April 3, 2020
In 1995, Orlando Paiva was visiting the United States, and stopped at Nora Olivera’s Sunday afternoon class and practica in Berkeley. These were very special sessions. Nora is noted for her exceptional teaching, especially in the way that she never molly-coddles the students. She tells you the truth about how you’re doing, directly, and if you’re having trouble, she always offers a way to resolve the problem. I myself had been studying for about a year, so I got a number of quite justified suggestions from Nora, and I can still recall almost the exact words she used for many of them. Precision, exactitude, and follow-through are the prime elements in Nora’s advice, and those who understand that her deep love of tango is what drives her realize how valuable those elements are.
She introduced Orlando to the class. At the time he was about sixty years old. He was very slim and gray-haired, and dressed in a pair of tan slacks, a navy-blue blazer, white shirt and tie. Not a demonstrative man in conversation, he yet exuded a kind of kindness that won over the students immediately. Nora later told me that he had a serious heart condition at the time, yet persisted with his tango no matter what. She asked him to perform for us. I don’t remember to which tango he danced, but it was slow and extremely elegant, with the nonetheless acerb bite that makes tango music often so revealing of deep, conflicted emotion. He took his partner into his arms and began dancing.
You could see immediately the care with which he pursued the dance. He walked very slowly, and I remember how he would let his trailing foot follow along, pointed back, the toe at an outward angle that simply underscored the grace with which he was moving. Straight-backed, immersed in the music, and very formal, he made his partner look beautiful because she too was so involved in the way he was dancing. You could feel her intensity, and part of that, I’m sure, was enabled by Orlando’s caring escort of her around the floor.
He performed none of the gymnastic irrelevancies that so often appear in the work of today’s show dancers. No kicks. No lifts. No impossibly fast tripping about. This man was a tanguero, and you could tell that by how respectful he was of his partner and of the music. He moved very slowly, and every step was a marvel.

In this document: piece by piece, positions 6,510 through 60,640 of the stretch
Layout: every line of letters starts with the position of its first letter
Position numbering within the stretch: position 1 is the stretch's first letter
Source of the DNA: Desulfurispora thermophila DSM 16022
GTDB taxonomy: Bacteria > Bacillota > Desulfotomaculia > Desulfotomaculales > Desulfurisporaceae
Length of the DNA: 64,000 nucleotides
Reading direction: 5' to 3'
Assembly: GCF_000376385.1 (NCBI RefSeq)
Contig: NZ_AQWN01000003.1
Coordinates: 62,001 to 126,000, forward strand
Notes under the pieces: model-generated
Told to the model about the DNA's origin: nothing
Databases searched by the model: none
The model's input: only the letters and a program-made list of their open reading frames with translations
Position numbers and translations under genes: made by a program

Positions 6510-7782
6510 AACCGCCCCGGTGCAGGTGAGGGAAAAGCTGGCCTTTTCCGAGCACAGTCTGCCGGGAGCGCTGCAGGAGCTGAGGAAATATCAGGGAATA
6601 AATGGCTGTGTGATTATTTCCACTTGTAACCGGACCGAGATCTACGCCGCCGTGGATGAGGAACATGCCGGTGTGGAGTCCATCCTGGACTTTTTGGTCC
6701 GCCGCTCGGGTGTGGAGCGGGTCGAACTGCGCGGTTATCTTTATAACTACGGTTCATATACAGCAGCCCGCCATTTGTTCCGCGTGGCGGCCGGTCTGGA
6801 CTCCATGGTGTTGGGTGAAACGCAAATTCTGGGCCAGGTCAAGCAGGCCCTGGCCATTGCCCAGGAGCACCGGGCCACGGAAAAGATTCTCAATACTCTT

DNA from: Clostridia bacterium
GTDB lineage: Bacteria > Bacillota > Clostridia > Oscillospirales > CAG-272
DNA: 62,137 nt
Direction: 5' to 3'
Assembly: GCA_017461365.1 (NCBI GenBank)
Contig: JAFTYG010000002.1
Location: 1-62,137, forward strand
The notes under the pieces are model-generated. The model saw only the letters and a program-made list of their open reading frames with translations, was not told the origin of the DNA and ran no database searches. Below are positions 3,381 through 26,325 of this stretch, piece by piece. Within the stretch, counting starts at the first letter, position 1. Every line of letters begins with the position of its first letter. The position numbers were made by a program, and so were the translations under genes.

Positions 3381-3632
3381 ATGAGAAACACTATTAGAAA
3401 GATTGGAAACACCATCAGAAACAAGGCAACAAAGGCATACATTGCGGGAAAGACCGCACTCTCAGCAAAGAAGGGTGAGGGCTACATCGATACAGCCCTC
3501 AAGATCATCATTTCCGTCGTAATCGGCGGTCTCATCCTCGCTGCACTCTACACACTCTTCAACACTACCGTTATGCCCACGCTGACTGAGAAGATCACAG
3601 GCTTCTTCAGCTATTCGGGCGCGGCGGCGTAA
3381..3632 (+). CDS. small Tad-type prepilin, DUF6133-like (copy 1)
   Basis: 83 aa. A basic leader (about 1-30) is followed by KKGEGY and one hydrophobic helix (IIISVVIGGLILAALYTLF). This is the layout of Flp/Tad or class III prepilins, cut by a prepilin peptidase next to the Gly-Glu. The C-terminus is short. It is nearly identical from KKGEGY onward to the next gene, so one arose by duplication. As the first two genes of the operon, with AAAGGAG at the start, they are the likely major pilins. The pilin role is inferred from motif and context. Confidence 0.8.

The students loved it and responded with much shouting applause. I turned to Nora, my own noisy clapping appreciative of what I had just seen. But what I saw now astonished me. Nora, who knew Orlando well, was awash in tears. I cannot recall another occasion when I have seen her so taken by what she has witnessed. Later, I asked Nora if Orlando’s heart condition were one of the reasons for his dancing so carefully and slowly. She responded that, no, this is the way Orlando has always danced. “He is a great master, you see,” she said. That was all the explanation I needed.
The attached video gives you a good sense of what Orlando Paiva could do. The quality of the video is not good, for which, apologies. But please note how beautifully his partner Cristina Benavidez follows him. She is wonderful herself, of course. But Orlando gives her the opportunity to dance in so contemplative a way that her performance reveals her very heart. Watch with what attention the audience watches them. The response of the audience at the end will give you a good idea of what you’ve just seen.
Orlando Paiva died on November 28, 2006.
Terence Clarke’s latest non-fiction book An Arena of Truth was recently featured on National Public Radio’s All Things Considered.